Day 2- Stop 1: Get up early! Be the first to arrive! Make the drive out to the Haleakala National Park (mile marker 42) for your viewing of the Ohe’o Pools (7 Sacred Pools). Hopefully you will have the option to swim in the pools. The last two visits I have made the falls and pools were closed to swimming due to high rainfall, or because the water meters upcountry were not functioning properly.

bambooforest
Bamboo Forest

But the real highlight of this stop is the Pipiwai Trail! Get your daypack ready with walking stick, water, food, water shoes and camera. This is a four-mile round trip hike. It took us roughly 2.5 hours RT at a pretty leisurely steady pace, with many stops for pictures and a 30-minute break at the waterfall for a snack and foot soak in the stream. The first half of the trail is gorgeous, but when you get to the bamboo forest you have reached the most interesting portion of the trail. DON’T turn back before the bamboo forest. As you walk through the bamboo forest, stop and listen to the sounds of the bamboo poles hitting each other. I hope the wind is blowing for you. Waimoku Falls is the final destination and the height of the falls is impressive! Upon your return is the time to see if the Ohe’o pools are open for swimming. A perfect way to cool down and clean the mud off your legs.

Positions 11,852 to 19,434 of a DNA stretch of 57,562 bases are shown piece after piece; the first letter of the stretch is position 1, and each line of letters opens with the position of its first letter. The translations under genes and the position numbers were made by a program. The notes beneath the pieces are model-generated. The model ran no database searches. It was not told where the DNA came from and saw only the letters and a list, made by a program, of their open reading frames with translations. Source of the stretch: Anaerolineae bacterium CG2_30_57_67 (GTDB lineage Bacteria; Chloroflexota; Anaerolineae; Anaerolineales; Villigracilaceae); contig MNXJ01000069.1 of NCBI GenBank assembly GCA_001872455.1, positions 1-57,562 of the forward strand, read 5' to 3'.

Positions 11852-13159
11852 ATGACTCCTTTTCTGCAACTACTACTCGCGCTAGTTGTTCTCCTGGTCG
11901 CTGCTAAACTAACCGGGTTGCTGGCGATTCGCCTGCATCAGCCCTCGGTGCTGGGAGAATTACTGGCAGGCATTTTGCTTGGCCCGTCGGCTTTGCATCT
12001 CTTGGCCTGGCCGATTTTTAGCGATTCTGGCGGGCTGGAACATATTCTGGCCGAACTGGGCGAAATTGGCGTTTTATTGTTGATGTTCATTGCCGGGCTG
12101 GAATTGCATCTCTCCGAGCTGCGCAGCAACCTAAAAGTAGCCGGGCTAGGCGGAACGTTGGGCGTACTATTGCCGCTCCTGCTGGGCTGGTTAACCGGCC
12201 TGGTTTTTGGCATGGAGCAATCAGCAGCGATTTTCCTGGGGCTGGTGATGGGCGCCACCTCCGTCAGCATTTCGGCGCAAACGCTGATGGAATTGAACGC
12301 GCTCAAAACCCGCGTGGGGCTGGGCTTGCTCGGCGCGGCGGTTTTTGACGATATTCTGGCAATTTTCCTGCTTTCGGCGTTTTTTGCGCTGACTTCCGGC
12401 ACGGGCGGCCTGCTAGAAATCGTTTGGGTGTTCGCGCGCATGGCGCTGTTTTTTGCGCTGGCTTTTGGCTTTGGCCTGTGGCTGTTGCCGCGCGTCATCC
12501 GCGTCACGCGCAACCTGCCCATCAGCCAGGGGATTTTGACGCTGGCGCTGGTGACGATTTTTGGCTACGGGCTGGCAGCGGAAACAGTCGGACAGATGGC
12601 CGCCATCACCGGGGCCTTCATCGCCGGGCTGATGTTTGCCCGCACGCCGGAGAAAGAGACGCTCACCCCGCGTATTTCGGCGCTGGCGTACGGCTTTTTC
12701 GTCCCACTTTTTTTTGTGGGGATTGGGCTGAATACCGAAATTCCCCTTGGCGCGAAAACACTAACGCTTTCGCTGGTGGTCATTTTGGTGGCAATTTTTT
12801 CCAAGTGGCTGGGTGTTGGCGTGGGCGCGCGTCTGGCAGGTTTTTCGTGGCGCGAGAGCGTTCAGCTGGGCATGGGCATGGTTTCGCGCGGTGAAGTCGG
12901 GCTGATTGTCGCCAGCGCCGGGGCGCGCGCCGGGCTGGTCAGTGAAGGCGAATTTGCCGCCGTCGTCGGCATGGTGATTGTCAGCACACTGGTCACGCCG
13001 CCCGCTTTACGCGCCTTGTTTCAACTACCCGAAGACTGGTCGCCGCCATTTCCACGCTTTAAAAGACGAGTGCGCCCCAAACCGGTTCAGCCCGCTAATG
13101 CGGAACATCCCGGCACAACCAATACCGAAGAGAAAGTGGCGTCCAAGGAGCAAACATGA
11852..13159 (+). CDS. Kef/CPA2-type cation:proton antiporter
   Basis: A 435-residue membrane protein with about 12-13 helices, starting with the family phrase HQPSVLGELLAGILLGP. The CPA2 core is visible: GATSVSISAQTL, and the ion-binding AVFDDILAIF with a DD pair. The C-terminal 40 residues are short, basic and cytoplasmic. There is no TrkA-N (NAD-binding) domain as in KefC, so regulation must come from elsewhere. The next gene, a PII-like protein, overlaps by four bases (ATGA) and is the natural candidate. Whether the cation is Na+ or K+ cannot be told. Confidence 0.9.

venuspool
Venus Pool (Photo credit: PanMagic)